Descriptive statistics were computed to determine the overall accuracy of staging PUs among nursing students. The scores of the students in the intervention group were compared with the control group, using analysis of variance to determine the impact of the intervention.
A total of 158 nursing students participated in the current study, with 103 in the control group (University A, n = 78; University B, n = 25) and 55 in the intervention group (University A, n = 27; University B, n = 28). The average score of the tool for all students (n = 158) was 64% (SD = 15.3%), with a range of 14% to 93%. Overall, students were better at accurately staging the severity of ulcers that were stage I (90.03%, SD = 17.8%) or stage IV (73.29%, SD = 23.2%). Students had the most difficulty staging ulcers that were stage III (45.95%, SD = 19.9%) or those that were unstageable (52.91%, SD = 29.7%).
As noted in the Table, students participating in the active learning intervention were significantly more accurate in the staging of all PUs, as the correct identification average for the intervention group was 69.47% (SD = 15.2%), whereas the correct identification average for control group was 60.29% (SD = 14.4%, p < .0001). Cohen's d for all stages was calculated and found to have a moderate effect (d = .63). The intervention group was significantly more accurate in staging the severity of stage II PUs (68.36%, SD = 25.4%, p = .001, d = .59) and the classification of suspected deep tissue injury (77.09%, SD = 30.7%, p = .006, d = .483) than the control group (stage II, 52.62%, SD = 27.9%; suspected deep tissue injury, 60%, SD = 39.5%). Although not significant, students in the intervention group were able to more accurately stage the severity of ulcers in all other staging classifications (i.e., unstageable, stage IV, stage III, stage I). Stage III PUs were the most difficult to identify for both student groups, with a correct identification average of 47.27% (SD = 16.9%) for the intervention group and 45.24% (SD = 21.3%) for the control group.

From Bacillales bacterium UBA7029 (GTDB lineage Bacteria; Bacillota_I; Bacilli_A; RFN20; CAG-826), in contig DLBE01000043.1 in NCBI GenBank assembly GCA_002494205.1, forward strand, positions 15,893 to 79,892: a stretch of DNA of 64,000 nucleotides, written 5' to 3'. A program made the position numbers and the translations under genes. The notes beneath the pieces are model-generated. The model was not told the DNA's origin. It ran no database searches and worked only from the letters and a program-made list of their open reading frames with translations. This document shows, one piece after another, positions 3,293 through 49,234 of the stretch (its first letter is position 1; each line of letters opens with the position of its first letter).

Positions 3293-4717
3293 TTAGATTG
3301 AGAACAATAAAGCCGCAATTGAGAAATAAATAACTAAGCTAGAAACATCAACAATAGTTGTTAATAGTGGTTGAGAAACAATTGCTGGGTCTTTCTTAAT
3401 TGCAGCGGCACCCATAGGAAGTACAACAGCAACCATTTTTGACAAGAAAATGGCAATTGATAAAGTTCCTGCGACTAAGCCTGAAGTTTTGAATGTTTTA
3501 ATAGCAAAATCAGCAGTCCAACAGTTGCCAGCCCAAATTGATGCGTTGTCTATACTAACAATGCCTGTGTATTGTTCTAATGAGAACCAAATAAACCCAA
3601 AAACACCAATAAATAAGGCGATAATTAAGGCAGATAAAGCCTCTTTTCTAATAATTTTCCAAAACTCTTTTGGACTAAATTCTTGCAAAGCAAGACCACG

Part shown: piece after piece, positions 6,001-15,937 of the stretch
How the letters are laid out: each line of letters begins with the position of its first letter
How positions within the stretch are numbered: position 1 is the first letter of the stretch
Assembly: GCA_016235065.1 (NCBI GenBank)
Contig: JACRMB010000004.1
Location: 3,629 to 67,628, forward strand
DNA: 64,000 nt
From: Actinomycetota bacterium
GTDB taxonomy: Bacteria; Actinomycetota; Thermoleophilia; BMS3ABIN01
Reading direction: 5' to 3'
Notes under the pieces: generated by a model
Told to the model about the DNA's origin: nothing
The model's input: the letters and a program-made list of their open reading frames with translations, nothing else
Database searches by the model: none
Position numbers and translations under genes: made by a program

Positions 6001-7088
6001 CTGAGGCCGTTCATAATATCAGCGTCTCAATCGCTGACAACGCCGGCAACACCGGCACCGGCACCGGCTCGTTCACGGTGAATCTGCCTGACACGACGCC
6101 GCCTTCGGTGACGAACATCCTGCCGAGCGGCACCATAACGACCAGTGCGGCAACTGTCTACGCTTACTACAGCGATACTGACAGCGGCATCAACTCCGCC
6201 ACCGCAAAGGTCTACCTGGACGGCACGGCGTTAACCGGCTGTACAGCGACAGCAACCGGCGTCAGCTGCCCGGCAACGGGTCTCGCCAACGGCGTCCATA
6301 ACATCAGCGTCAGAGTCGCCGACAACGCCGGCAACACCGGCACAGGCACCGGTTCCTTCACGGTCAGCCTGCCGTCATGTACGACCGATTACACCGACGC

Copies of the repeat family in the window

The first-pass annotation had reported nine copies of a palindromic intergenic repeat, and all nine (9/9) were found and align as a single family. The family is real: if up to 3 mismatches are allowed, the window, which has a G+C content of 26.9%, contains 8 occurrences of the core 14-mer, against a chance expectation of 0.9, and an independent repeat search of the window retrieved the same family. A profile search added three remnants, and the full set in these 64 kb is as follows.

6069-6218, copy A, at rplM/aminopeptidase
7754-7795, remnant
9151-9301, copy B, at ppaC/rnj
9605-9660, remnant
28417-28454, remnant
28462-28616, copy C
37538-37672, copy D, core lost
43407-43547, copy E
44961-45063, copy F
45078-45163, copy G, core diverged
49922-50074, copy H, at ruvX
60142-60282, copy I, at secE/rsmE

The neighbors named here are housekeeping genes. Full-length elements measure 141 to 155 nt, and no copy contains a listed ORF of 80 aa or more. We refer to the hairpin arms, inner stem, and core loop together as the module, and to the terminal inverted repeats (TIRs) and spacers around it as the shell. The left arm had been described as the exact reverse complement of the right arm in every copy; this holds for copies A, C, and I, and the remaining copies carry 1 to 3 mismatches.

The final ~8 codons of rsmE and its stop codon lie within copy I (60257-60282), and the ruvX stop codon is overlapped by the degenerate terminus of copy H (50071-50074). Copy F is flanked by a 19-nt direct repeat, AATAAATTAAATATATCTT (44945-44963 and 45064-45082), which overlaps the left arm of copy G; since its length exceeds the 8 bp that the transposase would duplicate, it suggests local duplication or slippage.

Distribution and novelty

Comparison of Pressure Ulcer Staging Accuracy Among Student Groups